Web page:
A new era of contemporary psychological therapy
A new era of contemporary psychological therapy, delivering robust practice-based research and an integrative intervention in the public sector using digital platforms, on-going monitoring and measurement and a focus on service-user experience, understanding, empowerment and recovery.
As we enter a new year and, hopefully, a new era, are there some aspects of what we do that we would like to bring with us on the landscape of contemporary psychological therapy and some we could usefully leave behind and some that we could draw a line under and start to work above and beyond that line. Forgive the potential allusions to other areas that might be justifiably implicated in the above statements.
EASE Wellbeing CIC continues to deliver a form of existential-phenomenological-humanistic psychological therapy in the #primary care sector of the NHS. We bring with us some of what we know and continue to evolve through #practice-based #research and #client #feedback and outcomes and build upon foundations that are solid.
Can we now bring with us certain ideas such as the knowledge that therapy works better than no therapy? Can we now accept that no therapy has established itself as better than another?
Can we leave behind us professional biases about what is this or that therapy is in favour of articulating clearly what the therapeutic endeavour is aimed to deliver on? Can we leave behind us debates about what recovery means or whether clients want to change?
Can we draw a line that now addresses all human beings’ needs to live a satisfying as possible life within the ontic limitations of such lives, whether they are therapists or people asking for therapy?
Can we now reach for a more adequate exploration and language that embrace human distress and suffering and present a concrete challenge to the medical model that informs dominant taxonomies of disease and is fuelled by corrupt affiliations between stakeholders and pharmaceutical companies?
Everyone encounters difficulties in the course of their lives. At EASE, service providers, called clinicians, and service users, called clients, both have to find the courage to face each other with their concerns to create a truly collaborative endeavour. By this I mean that it takes courage to enter therapy and present oneself as willing and motivated to look at life’s difficulties as a client and we expect clinicians to also have the courage to attend to their own difficulties and have the courage to sit with the pain of the other to be a therapist who is present and able to tune into the world of the therapy encounter.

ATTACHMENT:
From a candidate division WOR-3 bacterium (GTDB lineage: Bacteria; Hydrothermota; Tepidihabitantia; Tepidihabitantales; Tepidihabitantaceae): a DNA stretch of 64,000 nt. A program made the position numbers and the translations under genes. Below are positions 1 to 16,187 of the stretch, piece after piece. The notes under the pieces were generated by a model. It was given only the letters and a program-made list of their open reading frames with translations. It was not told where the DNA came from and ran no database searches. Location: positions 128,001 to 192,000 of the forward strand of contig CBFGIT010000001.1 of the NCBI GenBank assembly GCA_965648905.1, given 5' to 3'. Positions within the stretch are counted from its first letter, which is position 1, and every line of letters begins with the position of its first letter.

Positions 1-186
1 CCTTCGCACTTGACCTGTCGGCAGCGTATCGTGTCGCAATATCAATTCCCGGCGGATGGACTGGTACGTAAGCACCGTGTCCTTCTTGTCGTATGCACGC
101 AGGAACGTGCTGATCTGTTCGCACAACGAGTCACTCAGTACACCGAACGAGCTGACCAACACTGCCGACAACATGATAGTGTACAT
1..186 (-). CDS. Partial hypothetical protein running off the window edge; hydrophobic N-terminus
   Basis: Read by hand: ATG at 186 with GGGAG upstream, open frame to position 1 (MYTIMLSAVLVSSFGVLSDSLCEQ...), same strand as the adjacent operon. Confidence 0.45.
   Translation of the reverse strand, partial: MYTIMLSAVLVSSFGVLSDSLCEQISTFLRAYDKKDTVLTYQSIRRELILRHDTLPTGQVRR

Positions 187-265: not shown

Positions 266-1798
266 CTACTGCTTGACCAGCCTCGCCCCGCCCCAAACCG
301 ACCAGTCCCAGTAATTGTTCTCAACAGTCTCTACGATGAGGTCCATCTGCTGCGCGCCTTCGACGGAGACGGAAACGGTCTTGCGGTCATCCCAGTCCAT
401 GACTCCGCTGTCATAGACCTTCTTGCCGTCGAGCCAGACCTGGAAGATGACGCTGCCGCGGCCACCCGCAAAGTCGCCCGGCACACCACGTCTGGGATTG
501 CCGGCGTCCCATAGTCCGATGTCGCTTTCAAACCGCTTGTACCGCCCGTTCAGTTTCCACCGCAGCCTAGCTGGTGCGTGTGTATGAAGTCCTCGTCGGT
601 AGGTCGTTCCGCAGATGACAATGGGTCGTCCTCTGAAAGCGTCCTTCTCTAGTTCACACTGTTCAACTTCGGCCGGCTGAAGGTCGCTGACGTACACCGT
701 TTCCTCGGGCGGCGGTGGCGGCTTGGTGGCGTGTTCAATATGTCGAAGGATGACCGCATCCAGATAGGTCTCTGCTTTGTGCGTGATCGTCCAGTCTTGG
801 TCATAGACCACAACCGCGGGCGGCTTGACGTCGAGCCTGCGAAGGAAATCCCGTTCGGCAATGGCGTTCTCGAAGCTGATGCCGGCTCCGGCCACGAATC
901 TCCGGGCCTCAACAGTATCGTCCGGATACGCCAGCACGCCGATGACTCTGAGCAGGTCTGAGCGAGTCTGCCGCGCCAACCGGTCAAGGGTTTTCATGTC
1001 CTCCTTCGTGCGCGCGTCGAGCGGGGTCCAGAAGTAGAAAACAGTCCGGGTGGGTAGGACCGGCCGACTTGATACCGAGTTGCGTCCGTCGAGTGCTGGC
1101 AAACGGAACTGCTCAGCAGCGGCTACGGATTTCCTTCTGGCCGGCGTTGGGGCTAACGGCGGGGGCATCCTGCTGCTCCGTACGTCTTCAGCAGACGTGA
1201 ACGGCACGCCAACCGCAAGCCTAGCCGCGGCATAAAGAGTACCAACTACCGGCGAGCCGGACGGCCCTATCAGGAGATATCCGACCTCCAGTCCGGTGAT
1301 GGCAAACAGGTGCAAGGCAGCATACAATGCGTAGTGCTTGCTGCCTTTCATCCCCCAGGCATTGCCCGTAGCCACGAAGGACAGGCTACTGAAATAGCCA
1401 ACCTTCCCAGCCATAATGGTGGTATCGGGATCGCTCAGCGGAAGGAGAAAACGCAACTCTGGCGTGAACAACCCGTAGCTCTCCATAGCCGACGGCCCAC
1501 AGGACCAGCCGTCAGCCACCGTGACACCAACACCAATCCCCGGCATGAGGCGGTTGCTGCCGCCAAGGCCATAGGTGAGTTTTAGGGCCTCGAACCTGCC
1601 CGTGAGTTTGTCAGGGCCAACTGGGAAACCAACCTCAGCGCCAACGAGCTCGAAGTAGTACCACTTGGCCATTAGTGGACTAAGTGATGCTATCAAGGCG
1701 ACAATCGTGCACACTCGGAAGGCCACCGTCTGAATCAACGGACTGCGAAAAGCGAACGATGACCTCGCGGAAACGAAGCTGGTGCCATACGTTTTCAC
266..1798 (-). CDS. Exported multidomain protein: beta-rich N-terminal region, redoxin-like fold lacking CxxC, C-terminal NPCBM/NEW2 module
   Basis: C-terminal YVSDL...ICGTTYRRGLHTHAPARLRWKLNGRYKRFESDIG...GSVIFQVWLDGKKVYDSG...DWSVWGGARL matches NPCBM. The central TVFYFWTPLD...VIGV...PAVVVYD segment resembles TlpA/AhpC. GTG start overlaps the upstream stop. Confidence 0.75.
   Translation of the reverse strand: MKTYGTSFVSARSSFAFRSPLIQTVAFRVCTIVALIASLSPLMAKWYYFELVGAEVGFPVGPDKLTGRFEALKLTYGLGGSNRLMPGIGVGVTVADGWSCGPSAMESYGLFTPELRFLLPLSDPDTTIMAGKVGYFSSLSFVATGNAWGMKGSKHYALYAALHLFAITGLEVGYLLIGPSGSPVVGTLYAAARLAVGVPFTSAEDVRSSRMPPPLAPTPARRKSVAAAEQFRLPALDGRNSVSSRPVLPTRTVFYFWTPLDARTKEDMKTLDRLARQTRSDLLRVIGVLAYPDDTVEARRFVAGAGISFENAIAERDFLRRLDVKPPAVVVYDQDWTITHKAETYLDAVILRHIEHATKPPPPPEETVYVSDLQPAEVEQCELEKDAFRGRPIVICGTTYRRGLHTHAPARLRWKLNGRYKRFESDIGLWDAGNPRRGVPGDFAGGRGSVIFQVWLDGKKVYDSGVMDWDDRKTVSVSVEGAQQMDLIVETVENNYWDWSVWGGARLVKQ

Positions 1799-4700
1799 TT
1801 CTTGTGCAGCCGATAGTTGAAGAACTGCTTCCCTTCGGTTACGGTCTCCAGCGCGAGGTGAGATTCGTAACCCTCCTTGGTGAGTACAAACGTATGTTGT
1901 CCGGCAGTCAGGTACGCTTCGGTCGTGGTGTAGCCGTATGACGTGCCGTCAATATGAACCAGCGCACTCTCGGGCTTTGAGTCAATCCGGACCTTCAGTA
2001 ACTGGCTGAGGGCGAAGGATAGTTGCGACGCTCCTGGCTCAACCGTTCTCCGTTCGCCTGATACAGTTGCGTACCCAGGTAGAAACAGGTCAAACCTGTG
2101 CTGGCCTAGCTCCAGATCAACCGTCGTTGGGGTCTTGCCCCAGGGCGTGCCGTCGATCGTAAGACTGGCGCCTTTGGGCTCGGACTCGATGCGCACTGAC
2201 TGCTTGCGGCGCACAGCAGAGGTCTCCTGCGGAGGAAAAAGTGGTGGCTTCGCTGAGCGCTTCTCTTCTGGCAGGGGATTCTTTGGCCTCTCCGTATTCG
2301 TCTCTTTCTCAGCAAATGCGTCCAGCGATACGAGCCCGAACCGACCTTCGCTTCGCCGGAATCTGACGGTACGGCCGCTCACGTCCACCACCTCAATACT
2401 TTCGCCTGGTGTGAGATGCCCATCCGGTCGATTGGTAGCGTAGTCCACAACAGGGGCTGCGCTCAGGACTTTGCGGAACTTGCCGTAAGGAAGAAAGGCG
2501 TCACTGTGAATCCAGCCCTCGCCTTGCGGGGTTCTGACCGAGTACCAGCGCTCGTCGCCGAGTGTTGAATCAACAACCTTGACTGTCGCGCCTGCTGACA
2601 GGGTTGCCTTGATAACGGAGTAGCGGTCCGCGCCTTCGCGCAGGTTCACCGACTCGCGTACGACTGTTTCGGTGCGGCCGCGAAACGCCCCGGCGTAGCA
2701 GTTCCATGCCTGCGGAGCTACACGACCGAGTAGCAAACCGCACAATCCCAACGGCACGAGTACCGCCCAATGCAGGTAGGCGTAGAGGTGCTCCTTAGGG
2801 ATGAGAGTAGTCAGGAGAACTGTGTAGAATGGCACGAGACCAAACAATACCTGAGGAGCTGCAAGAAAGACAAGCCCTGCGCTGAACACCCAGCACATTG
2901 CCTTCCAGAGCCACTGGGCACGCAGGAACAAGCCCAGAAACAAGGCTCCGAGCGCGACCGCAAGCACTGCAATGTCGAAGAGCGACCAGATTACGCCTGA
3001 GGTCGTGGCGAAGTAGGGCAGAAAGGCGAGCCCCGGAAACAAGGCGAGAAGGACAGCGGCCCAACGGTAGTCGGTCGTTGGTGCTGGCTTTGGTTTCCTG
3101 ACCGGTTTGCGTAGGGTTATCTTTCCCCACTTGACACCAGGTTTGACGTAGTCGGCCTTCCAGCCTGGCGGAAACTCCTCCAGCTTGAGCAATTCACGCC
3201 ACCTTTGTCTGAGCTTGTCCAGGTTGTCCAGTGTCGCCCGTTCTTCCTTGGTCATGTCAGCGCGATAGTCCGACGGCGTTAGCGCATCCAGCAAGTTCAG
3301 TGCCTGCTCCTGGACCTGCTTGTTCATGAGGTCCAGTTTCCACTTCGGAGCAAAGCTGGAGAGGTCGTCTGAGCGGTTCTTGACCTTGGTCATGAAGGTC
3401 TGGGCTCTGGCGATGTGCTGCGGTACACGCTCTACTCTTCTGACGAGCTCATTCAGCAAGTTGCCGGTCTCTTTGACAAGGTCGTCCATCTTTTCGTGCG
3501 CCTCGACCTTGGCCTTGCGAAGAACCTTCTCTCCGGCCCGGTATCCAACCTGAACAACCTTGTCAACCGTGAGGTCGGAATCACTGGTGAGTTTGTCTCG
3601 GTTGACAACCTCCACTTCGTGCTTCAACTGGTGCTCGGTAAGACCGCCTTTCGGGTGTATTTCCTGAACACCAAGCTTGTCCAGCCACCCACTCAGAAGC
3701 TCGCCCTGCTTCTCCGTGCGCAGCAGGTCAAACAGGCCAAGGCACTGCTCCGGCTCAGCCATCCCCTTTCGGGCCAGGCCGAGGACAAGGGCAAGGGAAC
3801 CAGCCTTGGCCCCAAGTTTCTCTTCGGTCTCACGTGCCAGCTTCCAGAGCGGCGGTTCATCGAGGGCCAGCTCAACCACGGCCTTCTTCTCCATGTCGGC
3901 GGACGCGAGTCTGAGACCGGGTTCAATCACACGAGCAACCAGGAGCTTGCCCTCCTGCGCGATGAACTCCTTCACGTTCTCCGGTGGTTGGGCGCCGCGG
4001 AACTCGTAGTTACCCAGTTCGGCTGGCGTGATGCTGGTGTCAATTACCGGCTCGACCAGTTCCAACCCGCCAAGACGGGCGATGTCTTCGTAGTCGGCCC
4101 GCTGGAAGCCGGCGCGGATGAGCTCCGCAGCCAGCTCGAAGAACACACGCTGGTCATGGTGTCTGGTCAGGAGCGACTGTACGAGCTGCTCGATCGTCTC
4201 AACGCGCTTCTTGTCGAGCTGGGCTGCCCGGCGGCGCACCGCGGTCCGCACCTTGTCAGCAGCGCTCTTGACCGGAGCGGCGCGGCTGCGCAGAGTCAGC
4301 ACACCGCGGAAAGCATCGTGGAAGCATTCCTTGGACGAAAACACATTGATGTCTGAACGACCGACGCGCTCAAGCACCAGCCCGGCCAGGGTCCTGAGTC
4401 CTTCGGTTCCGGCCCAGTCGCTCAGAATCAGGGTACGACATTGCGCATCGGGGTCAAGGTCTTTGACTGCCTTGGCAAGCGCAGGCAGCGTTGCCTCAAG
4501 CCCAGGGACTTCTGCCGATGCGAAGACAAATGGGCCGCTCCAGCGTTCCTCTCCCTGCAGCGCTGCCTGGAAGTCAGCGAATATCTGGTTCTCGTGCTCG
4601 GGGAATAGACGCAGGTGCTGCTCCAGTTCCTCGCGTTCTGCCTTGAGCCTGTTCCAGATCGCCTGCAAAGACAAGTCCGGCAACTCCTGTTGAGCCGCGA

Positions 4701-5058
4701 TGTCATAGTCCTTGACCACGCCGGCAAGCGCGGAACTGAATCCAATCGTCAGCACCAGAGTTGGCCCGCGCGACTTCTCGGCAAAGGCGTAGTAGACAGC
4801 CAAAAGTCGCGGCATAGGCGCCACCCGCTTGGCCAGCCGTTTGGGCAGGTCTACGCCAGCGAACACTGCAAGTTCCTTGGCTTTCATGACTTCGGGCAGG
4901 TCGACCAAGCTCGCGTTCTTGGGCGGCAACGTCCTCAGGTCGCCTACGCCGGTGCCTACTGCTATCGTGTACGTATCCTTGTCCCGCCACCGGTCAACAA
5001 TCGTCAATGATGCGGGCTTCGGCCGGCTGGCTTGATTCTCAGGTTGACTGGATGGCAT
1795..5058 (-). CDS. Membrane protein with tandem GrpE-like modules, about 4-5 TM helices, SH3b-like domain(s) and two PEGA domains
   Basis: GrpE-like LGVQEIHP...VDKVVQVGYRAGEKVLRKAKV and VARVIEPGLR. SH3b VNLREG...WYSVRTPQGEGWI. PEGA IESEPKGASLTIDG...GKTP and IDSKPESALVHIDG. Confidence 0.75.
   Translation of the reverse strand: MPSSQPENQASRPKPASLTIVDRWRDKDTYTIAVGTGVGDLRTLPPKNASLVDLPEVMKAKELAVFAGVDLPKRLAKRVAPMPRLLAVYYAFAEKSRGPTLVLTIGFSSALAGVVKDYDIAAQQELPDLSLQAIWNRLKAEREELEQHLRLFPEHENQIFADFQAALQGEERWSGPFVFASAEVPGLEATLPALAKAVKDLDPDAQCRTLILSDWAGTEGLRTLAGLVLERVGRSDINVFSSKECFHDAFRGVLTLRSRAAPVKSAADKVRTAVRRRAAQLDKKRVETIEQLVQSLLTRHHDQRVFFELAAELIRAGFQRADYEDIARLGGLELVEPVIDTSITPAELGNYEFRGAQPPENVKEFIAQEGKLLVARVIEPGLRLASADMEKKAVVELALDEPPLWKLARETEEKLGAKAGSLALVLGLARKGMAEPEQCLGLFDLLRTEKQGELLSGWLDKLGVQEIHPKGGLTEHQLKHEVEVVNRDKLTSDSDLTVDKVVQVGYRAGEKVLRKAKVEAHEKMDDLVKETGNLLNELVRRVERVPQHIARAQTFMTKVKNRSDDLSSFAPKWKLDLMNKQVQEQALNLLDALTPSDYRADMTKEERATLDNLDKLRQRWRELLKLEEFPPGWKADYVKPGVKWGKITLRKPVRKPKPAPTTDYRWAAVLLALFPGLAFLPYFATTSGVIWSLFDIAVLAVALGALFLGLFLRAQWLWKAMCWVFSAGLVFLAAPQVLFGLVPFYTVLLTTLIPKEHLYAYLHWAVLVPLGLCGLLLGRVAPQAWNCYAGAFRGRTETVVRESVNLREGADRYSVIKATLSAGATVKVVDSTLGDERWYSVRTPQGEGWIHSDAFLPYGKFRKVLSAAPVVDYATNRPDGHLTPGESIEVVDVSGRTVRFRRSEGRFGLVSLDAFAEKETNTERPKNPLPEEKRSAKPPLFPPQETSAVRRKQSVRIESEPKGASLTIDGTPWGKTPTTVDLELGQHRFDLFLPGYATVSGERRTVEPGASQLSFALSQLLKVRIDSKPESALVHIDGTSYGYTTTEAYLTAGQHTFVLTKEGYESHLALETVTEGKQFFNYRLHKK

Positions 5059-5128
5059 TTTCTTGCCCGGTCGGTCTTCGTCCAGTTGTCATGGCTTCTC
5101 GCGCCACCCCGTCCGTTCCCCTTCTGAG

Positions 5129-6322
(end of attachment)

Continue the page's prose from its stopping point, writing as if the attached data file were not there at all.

Thus, we at EASE consider existential ideas in the broadest form of the use of this language to mean addressing the living experience of the client. In this endeavour, we turn to certain aspects of the doing of therapy by drawing on historically acknowledged information about certain common factors as well as developing contemporary and innovative ideas, such as focusing upon client-attributable factors and using creative ways of understanding what it is that a client wants from therapy.
Our struggle has been to embrace the tension identified by Plato in Meno’s Paradox and addressed by Merleau-Ponty. That is the notion that in order to discover something one needs to know what one is looking for versus how can one discover anything new if one already knows what one is looking for? In order to do this, we have published and presented a number of ideas in journals and conferences.
Change is inevitable ontologically and in therapy we have illustrated what this change may look like – ref JHP 2015 results
Understanding is a form of change thus can be considered as valid as previous publications have demonstrated – ref (CORE Blimey)
Evidencing this is clearly possible without challenging the current measurement systems (ref Hermeneutic Circular/JHP/ Grids paper in print and previous)
Our ongoing programme of research now turns to delivering a replicable protocol that allows for personalising the approach of the EASE intervention (JHP 2016) and focusing upon how clients reflect upon their experiences of therapy (ref research in progress ). Initial findings both do what most research does, which proves what it sets out to prove but, more importantly, give rise to what may be useful in future research. Given our commitment to evolving this and that we exist in the health and social care organising system that we live in, means that we have to communicate in language that addresses public sector requirements around adherence. Further, however, this research indicates that there is more interesting work to be done to focus more rigorously on what clients want from therapy and establish potentially optimal length of therapy to manage clients’ expectations.
Given the statements I began with, this opens up much interesting work to be done. Three areas that are on the horizon and being considered currently are: first, delivering different lengths of therapy with ‘similar’ client groups to identify if there are differences and what they might be around length of therapy; second, to review what clients articulated was beneficial about therapy and build upon this; third, if the therapeutic relationship is an important factor in the percentage of positive outcomes of therapy, establishing what the essential qualities in this ‘relationship’ are or might be. Of course, these may have overlaps and be intertwined in certain ways as clinical work and research are also but both and all are aimed at clarifying and re-clarifying in the spirit of the one phenomenological project we may only ever need to do since every person we see in therapy adds to our understanding of human existence and struggles.